Michiel van der Borch: Last Supper Christ gives a piece of bread to Judas
Koninklijke Bibliotheek, The Hague, 1332
Readings for Mass
First Reading: Isaiah 49:1-6
Responsorial Psalm: Psalm 71:1-2, 3-4, 5-6, 15,17
Gospel: John 13:21-33, 36-38
After Judas received the piece of bread, Satan entered into him. Jesus said to him, “Do quickly what you are going to do (NRSV, Jn 13:27).”
Father, how easy for us to keep our distance from Judas. To us, he is the consummate doer of evil. But, if we read on just a bit, we find Jesus confronting Peter and warning him, against Peter’s protests, that he will deny him. And then, shortly afterwards, in the garden, every one of the others flees. Jesus goes to his death betrayed, denied and abandoned. In the first three gospels there is no one at the foot of the cross to comfort the dying Jesus. Only the holy women watched from afar. True, in John’s gospel, his mother, the beloved disciple, and the two other Marys are there but their presence is clearly for a symbolic reason. John has the Church begin, not on Pentecost, but from the Cross.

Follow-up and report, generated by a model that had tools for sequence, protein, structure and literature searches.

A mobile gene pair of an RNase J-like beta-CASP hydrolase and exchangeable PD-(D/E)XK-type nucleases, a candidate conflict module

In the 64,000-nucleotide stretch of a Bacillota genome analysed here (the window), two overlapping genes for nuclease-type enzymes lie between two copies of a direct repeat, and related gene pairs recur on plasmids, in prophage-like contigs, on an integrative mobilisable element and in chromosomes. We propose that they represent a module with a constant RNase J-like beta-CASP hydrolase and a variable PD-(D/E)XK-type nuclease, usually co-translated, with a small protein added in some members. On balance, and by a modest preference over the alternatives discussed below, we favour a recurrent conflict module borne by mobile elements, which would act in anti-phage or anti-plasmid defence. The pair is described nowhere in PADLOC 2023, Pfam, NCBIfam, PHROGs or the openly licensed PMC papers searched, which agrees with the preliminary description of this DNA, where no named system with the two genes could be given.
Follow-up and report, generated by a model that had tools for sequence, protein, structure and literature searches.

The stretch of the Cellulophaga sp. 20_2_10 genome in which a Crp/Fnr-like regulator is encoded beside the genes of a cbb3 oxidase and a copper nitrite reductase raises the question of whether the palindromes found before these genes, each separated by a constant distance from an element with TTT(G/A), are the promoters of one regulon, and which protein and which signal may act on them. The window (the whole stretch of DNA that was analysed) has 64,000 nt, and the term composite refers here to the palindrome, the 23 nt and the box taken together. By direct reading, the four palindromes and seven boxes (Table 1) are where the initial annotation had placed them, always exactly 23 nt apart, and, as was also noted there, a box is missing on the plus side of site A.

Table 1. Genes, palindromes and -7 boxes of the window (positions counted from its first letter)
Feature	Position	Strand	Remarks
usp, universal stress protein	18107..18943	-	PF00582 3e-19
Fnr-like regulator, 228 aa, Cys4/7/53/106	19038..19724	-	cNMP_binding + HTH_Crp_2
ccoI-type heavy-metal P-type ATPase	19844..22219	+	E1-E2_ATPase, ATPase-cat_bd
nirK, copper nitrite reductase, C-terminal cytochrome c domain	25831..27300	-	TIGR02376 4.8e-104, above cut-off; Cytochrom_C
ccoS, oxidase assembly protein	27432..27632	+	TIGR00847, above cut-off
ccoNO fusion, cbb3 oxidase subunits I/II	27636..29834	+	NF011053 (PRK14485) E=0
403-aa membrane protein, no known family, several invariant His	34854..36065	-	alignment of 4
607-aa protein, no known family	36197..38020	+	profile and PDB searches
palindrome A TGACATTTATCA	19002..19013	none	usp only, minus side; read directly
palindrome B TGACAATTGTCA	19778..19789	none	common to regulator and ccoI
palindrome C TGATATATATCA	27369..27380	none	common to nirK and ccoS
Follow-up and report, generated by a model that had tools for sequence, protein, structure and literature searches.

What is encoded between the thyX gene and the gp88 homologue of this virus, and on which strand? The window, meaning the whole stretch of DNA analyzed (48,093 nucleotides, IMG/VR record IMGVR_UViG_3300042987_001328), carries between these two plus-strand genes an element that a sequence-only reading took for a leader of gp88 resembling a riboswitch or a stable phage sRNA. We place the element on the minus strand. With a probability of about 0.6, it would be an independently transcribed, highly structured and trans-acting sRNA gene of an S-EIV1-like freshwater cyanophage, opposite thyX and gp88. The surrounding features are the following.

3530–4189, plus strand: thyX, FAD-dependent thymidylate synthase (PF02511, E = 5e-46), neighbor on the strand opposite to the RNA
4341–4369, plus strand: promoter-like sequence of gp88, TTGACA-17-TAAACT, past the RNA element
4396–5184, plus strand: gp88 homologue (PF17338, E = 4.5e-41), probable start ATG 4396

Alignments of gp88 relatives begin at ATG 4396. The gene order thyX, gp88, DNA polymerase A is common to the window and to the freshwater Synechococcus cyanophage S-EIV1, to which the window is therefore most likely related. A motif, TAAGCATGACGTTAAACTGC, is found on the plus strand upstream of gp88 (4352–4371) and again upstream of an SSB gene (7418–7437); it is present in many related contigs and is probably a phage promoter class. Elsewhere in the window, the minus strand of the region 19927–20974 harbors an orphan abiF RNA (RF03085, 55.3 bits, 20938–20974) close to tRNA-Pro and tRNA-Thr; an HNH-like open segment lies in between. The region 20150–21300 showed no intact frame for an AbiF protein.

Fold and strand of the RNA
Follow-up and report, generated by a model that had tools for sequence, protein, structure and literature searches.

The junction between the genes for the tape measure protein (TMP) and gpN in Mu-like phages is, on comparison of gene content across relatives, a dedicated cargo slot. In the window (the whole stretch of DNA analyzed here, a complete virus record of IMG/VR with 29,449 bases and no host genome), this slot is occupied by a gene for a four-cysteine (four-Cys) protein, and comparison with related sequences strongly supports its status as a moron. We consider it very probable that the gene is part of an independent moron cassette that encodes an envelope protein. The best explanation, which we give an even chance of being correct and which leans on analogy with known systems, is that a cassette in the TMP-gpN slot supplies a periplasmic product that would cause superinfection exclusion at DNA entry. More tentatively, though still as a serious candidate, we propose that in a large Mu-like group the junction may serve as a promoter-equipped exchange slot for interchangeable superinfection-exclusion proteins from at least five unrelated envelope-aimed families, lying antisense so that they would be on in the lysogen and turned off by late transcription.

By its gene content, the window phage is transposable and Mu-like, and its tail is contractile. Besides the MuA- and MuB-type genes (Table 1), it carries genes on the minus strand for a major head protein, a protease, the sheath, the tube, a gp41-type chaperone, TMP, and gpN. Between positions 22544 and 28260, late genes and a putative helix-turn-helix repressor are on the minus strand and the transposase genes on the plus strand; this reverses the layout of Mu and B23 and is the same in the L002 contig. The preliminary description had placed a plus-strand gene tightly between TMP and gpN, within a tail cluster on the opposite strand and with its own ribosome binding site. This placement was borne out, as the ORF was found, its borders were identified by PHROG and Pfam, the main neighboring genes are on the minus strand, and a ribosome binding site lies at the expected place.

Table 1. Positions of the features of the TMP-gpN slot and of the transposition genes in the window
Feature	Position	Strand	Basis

And so Jesus was alone as he lay dying, with only you, his Father, to comfort him as you vindicated the just man in the 22nd psalm. It was not only Judas but all of Jesus’ disciples who finally turned away from him. And we too betray, deny and abandon, every time that we turn away in sin.
Yet in our sinfulness, Jesus never abandons us. The Word remains ever present to us, in the worst of sin, always offering us your forgiveness, Father, and challenging us to accept the Holy Spirit once more into our lives.
Father, keep us ever mindful of the great love that you show us in your Word who became a human being to be with us, not only at our innermost being, but to be present visibly showing us the way to you.
Through the same Christ our Lord. Amen.